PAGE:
which is dependent on the modified energy gap , and and represent the fixed height and width, respectively. The bias potential is updated at regular time steps but only if the value of the gap is larger than a numerical threshold , which is enforced by the presence of the Heaviside theta function in Eq. (2). Starting from a minimum on the ground-state PES, the bias potential will drive the system toward the CI seam by systematically lowering the energy gap [see Fig. 1(a) for illustration]. After the intersection point is reached for the first time, the molecular electronic Hamiltonian, which is initially diagonal in the BO approximation, is extended by introducing a further biasing potential into the off-diagonal elements according to


Subsequently, the metadynamics is continued on a locally modified potential energy surface obtained by diagonalization of the above Hamiltonian which gives rise to a modified PES with the effective energy gap


The off-diagonal bias serves to locally open the gap between the eigenstates of the modified Hamiltonian. The metadynamics then drives the system to the next intersection point. In order to prevent the return to the previously sampled regions of the CI seam, the is made dependent on a collective variable , which should be capable of distinguishing different molecular configurations and is updated only if the energy gap is below according to


One possible choice of is to use the distance matrix of a molecule, which is unique but inconvenient because of its high dimensionality and symmetry ambiguities. A better choice is to use its scalar invariants such as its lowest eigenvalue, or various topological indices Mihalić et al. (1992). As a CV for the off-diagonal bias in our simulations, we choose the 3D-Wiener number Bogdanov et al. (1989) defined as


where is the number of atoms and are interatomic nonhydrogen distances. Its correlation with molecular shape made it a reliable topographical descriptor in numerous studies where structural unambiguity is important. Since the conical intersection seam is of dimension , where is the number of degrees of freedom, and is a scalar function of the distances, there is no restriction to any specific region on the seam. Therefore, the most possible structural variability is achieved and can be further extended by running several trajectories with different initial conditions.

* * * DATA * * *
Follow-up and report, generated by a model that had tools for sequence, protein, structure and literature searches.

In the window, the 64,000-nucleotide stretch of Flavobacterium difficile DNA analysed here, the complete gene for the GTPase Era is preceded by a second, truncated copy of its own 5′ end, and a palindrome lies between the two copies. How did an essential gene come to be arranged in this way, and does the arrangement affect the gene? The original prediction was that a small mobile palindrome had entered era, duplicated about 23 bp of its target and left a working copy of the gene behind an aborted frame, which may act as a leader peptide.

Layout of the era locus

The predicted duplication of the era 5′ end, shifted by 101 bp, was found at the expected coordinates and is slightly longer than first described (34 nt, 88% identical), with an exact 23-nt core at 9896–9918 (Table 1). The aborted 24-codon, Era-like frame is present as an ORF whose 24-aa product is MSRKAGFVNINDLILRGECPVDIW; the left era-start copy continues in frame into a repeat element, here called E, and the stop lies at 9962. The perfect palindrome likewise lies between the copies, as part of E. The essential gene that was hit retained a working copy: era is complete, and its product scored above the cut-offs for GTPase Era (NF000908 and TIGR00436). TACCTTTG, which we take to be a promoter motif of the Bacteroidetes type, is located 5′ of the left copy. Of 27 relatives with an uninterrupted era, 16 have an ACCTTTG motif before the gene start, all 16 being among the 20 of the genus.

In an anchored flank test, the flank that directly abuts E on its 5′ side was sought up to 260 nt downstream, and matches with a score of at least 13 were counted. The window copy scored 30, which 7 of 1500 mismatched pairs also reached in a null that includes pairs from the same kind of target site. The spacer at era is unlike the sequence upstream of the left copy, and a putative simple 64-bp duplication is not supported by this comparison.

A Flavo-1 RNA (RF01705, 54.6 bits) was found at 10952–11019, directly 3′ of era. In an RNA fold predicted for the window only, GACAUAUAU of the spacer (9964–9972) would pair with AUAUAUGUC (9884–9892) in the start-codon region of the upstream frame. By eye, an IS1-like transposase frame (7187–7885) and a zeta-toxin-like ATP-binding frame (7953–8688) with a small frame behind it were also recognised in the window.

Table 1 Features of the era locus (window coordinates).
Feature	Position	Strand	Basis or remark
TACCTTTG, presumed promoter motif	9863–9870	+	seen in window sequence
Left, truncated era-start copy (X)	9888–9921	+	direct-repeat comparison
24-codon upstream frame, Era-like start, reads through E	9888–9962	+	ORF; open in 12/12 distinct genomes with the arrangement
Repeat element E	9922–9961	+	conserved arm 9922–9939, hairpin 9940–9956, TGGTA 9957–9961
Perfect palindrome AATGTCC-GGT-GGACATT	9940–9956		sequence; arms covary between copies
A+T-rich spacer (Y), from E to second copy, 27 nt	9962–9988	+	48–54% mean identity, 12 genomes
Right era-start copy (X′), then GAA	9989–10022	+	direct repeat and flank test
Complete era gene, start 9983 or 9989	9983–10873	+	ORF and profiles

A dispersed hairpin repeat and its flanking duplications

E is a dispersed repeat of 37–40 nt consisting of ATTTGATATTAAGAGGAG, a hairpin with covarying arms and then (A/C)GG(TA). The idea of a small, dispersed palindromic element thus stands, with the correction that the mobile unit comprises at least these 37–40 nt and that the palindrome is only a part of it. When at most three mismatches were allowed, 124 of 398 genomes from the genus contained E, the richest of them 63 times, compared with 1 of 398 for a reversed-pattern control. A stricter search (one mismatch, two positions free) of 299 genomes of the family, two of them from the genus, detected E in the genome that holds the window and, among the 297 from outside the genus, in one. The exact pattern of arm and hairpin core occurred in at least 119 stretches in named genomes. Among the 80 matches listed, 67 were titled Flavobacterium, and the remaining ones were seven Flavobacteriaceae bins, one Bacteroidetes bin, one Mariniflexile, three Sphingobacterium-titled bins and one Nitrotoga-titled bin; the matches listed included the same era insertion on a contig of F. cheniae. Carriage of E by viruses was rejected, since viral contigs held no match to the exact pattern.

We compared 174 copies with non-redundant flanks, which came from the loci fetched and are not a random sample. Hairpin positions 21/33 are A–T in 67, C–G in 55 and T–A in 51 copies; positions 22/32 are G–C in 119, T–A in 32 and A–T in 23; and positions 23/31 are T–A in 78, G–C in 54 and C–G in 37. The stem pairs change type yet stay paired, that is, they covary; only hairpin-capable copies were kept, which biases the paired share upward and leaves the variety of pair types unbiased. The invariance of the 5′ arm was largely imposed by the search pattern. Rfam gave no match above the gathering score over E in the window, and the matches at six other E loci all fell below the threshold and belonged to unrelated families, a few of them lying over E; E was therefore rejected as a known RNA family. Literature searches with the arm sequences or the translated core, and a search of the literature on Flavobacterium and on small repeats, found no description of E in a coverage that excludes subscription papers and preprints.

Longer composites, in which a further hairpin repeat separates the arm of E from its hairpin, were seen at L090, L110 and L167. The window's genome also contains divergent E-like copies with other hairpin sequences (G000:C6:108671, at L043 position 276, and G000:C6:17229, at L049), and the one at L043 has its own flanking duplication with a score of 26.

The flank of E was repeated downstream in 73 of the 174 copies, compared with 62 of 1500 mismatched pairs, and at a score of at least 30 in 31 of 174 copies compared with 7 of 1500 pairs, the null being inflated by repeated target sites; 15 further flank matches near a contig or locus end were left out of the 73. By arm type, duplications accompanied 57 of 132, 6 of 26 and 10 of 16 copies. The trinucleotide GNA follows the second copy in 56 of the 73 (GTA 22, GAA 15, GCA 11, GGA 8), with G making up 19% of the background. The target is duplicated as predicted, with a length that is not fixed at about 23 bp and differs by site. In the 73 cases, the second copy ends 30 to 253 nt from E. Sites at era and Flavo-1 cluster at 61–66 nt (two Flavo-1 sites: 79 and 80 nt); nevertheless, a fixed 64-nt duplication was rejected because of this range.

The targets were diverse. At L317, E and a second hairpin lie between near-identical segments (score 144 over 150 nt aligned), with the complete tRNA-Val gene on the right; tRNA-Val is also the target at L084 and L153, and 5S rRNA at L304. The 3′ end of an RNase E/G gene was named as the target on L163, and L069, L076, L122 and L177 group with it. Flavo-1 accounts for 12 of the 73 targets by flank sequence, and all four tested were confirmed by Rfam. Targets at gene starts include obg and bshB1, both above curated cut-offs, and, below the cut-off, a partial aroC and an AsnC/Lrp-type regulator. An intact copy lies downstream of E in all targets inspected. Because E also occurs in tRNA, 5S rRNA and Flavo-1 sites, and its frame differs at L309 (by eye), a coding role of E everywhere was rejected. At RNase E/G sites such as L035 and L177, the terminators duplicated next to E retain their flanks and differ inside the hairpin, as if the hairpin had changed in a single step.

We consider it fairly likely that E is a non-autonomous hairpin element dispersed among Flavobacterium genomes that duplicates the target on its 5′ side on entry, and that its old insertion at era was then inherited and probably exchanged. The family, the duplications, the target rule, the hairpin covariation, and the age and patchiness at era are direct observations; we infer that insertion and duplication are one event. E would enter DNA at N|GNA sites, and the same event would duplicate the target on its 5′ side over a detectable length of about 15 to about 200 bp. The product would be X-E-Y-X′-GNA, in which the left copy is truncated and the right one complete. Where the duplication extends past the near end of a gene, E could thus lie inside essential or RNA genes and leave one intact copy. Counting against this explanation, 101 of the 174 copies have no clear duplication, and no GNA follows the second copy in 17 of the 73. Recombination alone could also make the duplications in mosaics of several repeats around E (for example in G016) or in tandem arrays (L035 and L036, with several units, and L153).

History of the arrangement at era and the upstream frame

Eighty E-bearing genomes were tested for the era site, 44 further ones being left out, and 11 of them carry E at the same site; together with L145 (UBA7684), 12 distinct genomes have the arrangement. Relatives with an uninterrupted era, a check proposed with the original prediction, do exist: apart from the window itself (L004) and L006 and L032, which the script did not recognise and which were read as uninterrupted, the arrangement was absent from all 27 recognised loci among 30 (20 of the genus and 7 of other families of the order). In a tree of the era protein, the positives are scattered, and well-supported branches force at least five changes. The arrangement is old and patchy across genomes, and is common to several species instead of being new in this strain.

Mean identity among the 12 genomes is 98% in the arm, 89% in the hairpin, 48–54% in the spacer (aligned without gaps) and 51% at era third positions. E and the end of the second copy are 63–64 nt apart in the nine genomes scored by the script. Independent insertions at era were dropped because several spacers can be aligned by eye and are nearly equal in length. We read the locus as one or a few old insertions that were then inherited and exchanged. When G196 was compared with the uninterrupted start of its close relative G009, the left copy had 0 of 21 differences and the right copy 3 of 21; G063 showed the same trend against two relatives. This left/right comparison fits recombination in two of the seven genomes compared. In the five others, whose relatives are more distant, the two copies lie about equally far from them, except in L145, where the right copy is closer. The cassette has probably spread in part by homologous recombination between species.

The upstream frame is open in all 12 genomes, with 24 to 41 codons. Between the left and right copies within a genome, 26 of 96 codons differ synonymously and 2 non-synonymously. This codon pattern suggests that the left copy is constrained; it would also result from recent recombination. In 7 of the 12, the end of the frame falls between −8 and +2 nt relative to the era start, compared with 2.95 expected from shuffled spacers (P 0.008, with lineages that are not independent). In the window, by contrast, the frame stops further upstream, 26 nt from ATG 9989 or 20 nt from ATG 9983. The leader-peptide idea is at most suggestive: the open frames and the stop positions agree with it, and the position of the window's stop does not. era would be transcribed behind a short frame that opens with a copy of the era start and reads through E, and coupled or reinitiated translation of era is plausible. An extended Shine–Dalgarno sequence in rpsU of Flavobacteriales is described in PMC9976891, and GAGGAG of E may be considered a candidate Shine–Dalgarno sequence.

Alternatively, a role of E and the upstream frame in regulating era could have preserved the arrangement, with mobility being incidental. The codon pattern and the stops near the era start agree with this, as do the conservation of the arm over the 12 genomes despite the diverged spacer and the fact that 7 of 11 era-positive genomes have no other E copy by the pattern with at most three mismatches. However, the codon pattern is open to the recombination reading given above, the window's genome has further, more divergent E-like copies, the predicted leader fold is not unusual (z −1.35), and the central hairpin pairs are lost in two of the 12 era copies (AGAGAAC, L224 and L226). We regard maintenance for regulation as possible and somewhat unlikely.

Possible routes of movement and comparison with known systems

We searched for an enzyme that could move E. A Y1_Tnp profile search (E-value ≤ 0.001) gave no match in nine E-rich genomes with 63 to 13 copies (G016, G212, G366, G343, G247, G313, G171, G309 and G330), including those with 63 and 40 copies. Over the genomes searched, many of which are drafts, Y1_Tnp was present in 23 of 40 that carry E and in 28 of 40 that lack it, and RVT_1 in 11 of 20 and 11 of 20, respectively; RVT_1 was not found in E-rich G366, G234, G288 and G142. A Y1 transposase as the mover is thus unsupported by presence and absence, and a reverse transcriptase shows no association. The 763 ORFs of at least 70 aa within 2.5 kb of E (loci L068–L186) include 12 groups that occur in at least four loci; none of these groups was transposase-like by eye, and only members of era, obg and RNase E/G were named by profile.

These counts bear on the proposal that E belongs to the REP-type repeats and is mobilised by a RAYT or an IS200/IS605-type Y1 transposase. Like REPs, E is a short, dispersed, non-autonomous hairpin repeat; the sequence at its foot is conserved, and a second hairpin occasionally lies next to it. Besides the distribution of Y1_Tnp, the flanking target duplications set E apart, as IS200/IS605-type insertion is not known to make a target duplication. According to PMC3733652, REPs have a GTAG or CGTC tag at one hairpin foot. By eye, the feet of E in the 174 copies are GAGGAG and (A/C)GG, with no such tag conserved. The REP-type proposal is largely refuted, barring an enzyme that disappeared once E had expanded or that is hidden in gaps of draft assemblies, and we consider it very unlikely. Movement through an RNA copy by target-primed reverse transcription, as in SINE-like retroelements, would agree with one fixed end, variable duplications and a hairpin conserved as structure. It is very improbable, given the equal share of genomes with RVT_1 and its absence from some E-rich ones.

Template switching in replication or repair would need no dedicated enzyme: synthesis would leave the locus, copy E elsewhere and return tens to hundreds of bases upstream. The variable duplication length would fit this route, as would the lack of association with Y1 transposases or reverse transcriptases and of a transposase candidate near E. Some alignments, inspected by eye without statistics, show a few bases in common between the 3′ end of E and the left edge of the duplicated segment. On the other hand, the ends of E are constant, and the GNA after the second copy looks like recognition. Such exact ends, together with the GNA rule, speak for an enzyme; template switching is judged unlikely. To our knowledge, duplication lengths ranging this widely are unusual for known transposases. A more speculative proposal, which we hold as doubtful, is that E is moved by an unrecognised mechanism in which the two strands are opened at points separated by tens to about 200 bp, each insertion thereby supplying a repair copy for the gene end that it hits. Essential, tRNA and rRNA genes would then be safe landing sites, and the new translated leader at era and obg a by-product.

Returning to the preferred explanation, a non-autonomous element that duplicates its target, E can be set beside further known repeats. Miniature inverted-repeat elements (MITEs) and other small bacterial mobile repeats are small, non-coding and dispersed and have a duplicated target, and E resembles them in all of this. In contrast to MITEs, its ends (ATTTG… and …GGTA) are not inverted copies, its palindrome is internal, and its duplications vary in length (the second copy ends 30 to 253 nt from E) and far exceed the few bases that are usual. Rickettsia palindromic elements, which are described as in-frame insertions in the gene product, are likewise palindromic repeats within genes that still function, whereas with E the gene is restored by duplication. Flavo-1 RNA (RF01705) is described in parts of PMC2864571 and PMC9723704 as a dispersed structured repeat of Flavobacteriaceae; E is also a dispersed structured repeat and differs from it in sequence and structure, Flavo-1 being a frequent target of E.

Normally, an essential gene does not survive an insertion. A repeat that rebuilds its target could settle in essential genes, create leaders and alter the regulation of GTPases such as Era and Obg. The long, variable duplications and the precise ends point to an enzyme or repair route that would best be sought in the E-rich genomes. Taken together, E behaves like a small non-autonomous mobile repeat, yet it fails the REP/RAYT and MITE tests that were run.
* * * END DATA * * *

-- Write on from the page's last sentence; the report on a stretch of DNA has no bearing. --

We wish to point out that as long as no Gaussians have been added to the off-diagonal bias , exactly equals the BO gap . This can be derived from Eq. (4) and is due to the construction of that reduces to in case of the nonexisting off-diagonal coupling. Since is updated only in the vicinity of the CI seam, this holds true for the complete pathway until the intersection is reached for the first time [see Fig. 1(a)]. At this point, the metadynamics potential is already overcompensating the minimum on the ground-state PES where the simulation had been started, resulting in a persistent force toward structures with small . If now a Gaussian bias is added to at the current value of the collective variable , will increase, thus opening again the gap between the two states [see Fig. 1(b)]. However, the bias potential disfavors nonzero values of the energy gap, which in turn forces the molecule to change the value of the collective variable such that the intersection seam is reached again [see Fig. 1(c)]. In this way, the whole CI seam can be “unzipped”, allowing for automatic exploration of its energy landscape. In order to calculate the force in Eq. (1), the gradient of the modified energy gap is needed:


which requires the calculation of the gradients of the BO energies that can be provided by any suitable electronic structure method, as well as additional differentiation of :


Like the potential itself, it is given by a sum of Gaussians, but each of them is multiplied by an additional factor dependent on the gradient of the collective variable. For the 3D-Wiener number, is defined by

Figure 2: Multistate metadynamics trajectory for furan: (a) The energy gap along the trajectory and (b) the off-diagonal bias potential . Periods in which is updated () are highlighted in light blue.
Figure 3: Conical intersection energy landscapes of three different trajectories: Energies of the ground (black) and first excited (red) states along the metadynamics trajectory for furan. A moving average with a window of has been applied for better visibility. Upon reaching the CI after 1.0–1.5 ps, the system remains confined to the CI seam and explores basins (dotted plateaus) corresponding to different MECPs. For each plateau, the optimized structures of the MECPs together with their branching space vectors, energies relative to the ground-state minimum (in eV), and values of the 3D-Wiener number are given. (a) Multiple ring puckering, (b) ring opening and fragmentation, and (c) combinations of both types are observed.